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Learn the ‘game’ and ‘speak up,’ panelists tell women looking to climb to corporate boardrooms

It was standing room only in Costa Mesa on Wednesday afternoon as about 150 women, at attention and armed with laptops and notebooks, gathered to share tips, network and learn how they can make their way into corporate boardrooms.

The Center Club was packed for a “Women on Boards” panel that discussed the future of women in senior leadership positions and steps to get there. Three panelists shared what they’ve learned with the audience.

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It’s all a game, they said.

“You’re either hyper-visible or invisible,” said panelist Julie Hill, a board member for Anthem Inc. “So speak up, don’t be silent.”

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Hill also advised the women to have a sense of humor, and she joked about learning to play golf.

Betsy Berkhemer-Credaire, chief executive of the 2020 Women on Boards National Campaign, which aims to increase the number of women on U.S. corporate boards to 20% or more by 2020, moderated the discussion. She said a business is meant to be lucrative, so women need to come up with a strategy to prove they will add value.

A diverse boardroom provides different experiences and perspectives, which limits potential holes in certain areas and makes for a more thorough way of doing business, said panelist Jane Buchan, chief executive of Pacific Alternative Asset Management Co., or PAAMCO.

The panelists said people want to hire someone who’s knowledgeable but also who makes them feel comfortable — someone they can joke with but who also stands his or her ground.

A point reiterated by all the panelists is that one should apply for a position even without meeting all the qualifications. Hill said many women apply for a job only when they meet more than half the qualifications. Men, on the other hand, apply if they meet only one or two.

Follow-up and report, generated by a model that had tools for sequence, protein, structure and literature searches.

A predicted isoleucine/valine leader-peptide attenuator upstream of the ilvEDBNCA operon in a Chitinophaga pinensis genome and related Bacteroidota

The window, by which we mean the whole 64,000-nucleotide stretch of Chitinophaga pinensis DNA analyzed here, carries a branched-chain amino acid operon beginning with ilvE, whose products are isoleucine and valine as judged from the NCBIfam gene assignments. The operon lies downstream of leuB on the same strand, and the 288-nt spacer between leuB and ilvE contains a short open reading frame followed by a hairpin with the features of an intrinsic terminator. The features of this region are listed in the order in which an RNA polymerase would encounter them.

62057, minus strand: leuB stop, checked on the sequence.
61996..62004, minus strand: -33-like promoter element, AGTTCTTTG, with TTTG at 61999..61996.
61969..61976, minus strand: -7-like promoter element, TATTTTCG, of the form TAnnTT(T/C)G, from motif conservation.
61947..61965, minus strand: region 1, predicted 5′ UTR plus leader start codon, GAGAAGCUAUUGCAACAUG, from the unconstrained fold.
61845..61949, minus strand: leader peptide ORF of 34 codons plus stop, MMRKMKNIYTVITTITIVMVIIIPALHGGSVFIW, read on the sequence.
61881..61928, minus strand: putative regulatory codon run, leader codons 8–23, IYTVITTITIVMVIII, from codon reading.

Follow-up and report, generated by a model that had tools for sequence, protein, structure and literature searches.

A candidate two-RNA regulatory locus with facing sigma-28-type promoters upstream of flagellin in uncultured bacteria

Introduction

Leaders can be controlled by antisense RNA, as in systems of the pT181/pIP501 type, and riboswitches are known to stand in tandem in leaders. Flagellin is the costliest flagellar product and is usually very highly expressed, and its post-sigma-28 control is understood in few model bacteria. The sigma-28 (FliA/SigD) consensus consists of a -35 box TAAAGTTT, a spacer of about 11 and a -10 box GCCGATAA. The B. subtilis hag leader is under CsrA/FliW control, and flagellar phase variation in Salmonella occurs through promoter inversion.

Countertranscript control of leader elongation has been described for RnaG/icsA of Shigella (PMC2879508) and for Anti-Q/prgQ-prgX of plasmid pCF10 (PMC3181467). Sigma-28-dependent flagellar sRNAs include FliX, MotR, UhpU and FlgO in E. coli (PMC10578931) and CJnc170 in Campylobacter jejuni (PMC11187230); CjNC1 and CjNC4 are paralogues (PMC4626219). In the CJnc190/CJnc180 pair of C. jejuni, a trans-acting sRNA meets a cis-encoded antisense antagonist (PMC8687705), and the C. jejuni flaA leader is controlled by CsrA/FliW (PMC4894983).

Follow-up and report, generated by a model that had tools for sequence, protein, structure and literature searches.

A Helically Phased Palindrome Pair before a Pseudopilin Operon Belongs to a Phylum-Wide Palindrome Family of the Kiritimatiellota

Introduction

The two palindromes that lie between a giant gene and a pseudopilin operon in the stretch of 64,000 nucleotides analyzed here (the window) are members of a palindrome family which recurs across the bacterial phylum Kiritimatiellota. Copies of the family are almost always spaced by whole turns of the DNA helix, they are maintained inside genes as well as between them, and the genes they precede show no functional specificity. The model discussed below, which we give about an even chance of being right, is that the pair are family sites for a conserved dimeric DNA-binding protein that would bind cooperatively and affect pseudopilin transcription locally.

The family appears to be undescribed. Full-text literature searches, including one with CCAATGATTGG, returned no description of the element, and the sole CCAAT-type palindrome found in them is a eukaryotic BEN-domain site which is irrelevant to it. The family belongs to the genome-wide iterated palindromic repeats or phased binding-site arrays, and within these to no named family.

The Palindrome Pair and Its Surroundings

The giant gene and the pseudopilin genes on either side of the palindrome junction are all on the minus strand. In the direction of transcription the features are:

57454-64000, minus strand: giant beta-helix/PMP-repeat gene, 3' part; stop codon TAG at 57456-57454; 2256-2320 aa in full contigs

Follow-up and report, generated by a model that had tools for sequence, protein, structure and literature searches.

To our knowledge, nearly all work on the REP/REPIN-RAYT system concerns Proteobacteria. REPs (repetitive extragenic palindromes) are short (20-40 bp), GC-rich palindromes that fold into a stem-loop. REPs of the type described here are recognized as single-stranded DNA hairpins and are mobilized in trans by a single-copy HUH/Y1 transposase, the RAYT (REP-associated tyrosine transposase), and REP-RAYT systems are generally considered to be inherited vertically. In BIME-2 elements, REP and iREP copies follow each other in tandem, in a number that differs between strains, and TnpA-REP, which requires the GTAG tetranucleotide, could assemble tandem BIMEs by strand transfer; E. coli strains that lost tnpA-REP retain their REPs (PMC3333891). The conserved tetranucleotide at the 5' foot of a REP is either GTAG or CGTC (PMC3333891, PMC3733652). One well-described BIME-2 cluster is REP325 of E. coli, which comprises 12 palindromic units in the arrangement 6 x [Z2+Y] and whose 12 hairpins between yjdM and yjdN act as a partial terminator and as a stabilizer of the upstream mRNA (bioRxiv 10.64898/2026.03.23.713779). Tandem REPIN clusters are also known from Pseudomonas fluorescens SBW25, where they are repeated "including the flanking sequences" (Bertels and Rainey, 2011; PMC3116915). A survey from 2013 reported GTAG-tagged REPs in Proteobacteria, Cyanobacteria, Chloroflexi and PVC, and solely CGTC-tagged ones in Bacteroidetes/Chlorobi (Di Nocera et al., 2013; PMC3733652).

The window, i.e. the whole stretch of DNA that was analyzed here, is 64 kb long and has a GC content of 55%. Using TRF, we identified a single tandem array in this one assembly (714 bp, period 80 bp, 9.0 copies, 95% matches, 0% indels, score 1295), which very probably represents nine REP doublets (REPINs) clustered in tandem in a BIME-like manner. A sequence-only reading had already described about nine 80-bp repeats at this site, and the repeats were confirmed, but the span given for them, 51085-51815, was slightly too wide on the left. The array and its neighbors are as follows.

Audience member Marice DePasquale said she knows what it’s like to take the leap. She’s a member of three boards, one of them the Mesa Water District’s.

She also is on the UC Irvine School of Social Sciences Dean’s Leadership Council with one other woman, and the Seneca Family of Agencies board, which is about 40% women.

“Men promote each other, we don’t,” DePasquale said. “We are our own greatest advocates. It’s time to change the conversation.”

Networking, cultivating relationships, doing research and being prepared — even to attend a cocktail party — are important, speakers said.

“Our goal was really to find women to be leaders in our organization,” said Renee Jacobs, regional development director at ProVisors. “We want our company to look like the world. There are two sides to every story, and a woman’s side needs to be told.”

California Senate Bill 826, which has passed the Legislature and as of Friday was awaiting the governor’s signature to become law, would require publicly traded companies headquartered in California to place at least one woman on their boards by 2019. But speakers at Wednesday’s discussion said women would still face a challenge to claim seats because many people in power like the boardrooms the way they are.

Audience member Janise Graham, who is black, said she feels particularly marginalized.

“If I’m not the person to extend the hand, then I don’t get anything,” said Graham, a business owner. “[Bias] is there, it’s real.”

But even though she occasionally feels defeated, she’s thriving in the corporate world, she said.

She tells her three girls that “this world was not created for us in mind” and that they need to be tenacious and disciplined.

“Sometimes I do things out of spite, like I’m not going to go away,” said Graham, who has put 34 years into the business world. “It’s a game, and I play the game.”

Shannon M. Hoffman is a contributor to Times Community News.

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